Physical rendering options, depending on the rendering intent
or personal preference. The user also may specify the platter rendering format, corresponding to those typically encoun
tered, such as, for example, RPM (331/3, 16, 45, 78, etc.) and image size (e.g., 7", 10", 12"). If digitally transcribing an
analog music disc, the selected format may be the same as the format of the source medium.
 The user may also specify that an image be super imposed on the substrate, and the music “grooves” drawn over the image with varying degrees of transparency. The image may be a digital photograph, drawing or an abstract
design, for example.
 If the audio recording is sourced from an analog LP of a recording originally released as a vinyl LP, the platter image created according to the present invention may consist of a single “side” comprised of all the tracks.
 Next, the tonearm/ stylus assembly is used to assign track mark points. The user may assign a track mark for each record that is the source of the digital transcription. In the second instance, a two-sided transcription of a vinyl LP may be assigned four mark points. These mark points would cor respond to the music lead-in of side 1, the music lead-out of side 1, the music lead-in of side 2, and the music lead-out of side 2. As an alternative, the user could assign marks and titles to all individual tracks.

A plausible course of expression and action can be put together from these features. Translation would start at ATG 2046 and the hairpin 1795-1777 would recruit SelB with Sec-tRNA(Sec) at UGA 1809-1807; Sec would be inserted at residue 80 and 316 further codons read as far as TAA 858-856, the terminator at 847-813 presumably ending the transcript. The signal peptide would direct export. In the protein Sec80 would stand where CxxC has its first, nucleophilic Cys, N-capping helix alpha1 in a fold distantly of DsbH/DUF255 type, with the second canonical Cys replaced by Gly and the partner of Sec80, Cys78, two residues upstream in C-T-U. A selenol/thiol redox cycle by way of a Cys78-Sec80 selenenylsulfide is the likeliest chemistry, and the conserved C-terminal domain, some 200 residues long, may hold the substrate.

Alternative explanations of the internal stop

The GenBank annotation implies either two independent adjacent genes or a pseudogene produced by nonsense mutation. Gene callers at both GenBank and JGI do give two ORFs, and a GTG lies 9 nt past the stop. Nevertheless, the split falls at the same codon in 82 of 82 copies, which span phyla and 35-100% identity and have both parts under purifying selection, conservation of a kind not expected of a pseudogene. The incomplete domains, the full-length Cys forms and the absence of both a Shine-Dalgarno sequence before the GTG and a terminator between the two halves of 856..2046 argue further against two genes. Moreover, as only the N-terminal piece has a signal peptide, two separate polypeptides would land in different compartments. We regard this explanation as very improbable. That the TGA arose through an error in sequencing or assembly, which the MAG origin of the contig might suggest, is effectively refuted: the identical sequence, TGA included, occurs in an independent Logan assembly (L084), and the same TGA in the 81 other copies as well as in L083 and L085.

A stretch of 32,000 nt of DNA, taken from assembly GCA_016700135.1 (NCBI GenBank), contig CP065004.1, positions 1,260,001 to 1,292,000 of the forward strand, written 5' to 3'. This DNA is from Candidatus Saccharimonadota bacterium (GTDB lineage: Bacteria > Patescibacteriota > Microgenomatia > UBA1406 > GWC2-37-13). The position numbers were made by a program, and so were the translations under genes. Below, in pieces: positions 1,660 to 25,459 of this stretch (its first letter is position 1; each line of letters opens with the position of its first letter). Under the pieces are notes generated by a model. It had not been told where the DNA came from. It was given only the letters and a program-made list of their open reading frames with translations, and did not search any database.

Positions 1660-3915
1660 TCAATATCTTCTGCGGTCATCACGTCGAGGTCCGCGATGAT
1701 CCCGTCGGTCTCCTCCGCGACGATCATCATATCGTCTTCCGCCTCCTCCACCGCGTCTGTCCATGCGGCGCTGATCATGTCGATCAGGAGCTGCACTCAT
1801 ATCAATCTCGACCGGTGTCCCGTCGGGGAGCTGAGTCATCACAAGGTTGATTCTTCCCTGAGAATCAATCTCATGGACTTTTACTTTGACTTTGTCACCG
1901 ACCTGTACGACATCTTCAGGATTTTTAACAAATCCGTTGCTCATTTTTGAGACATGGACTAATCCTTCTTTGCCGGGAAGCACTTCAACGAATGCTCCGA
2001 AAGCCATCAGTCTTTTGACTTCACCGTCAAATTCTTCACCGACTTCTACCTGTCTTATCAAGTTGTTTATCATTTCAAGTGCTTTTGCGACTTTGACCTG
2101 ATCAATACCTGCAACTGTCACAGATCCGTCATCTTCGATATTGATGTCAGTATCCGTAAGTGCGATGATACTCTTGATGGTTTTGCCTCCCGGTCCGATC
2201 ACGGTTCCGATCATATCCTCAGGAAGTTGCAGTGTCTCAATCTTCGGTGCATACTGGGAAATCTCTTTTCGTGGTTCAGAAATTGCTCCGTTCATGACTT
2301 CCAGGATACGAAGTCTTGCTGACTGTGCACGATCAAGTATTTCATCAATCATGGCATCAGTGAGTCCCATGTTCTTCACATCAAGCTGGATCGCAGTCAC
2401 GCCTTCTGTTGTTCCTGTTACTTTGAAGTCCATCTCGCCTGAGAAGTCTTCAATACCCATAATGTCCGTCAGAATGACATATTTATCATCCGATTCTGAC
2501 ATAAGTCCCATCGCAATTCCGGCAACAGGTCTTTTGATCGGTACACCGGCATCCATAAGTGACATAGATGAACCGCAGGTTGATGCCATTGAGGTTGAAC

The procedure for setting the track marks is described in detail above with reference to FIG. 5. As described above, after moving the tonearm/ stylus to a blank modulation groove, the record is “spun” and the audio wave form displayed. The operation mode selected is indicated in
?eld 81 on FIG. 5, for mark-IN. When the central part of the quiet area of the groove is located, the cueing button 17 (FIG.
2A), is engaged. The portion of the waveform displayed on the screen to the left of the mark-in location is repeated in a looping fashion, and played back audibly over the computer’ s speakers. The mark-in location may then be ?ne-tuned by gently rotating the platter until only lead-in noise is audible. If the mark-in location were moved to past the beginning of the audio, a small snippet of the audio may be heard. The rotation of the platter while listening to the loop and watching the waveform provides the user with interactive feedback. This permits rapidly selecting the mark-in location. The mark-in location then is con?rmed.
US 2014/0304598 A1 Oct. 9, 2014
 Next, the track (or album side) mark-out optionally
is selected. The procedure is similar to selecting the mark-in.
Mark-OUT button 88 is engaged. The stylus is positioned at the end of the previous track (or album side). When the mark-out location is successfully located, only the noise of the lead-out of the previous track is heard. If the mark-out location is adjusted to a location before the end of the audio, a snippet of the lead-out of the audio is heard.
 This editing procedure is invaluable when used in
conjunction with making high-quality, accurate transcrip
tions of music recordings from a vinyl to a digital format.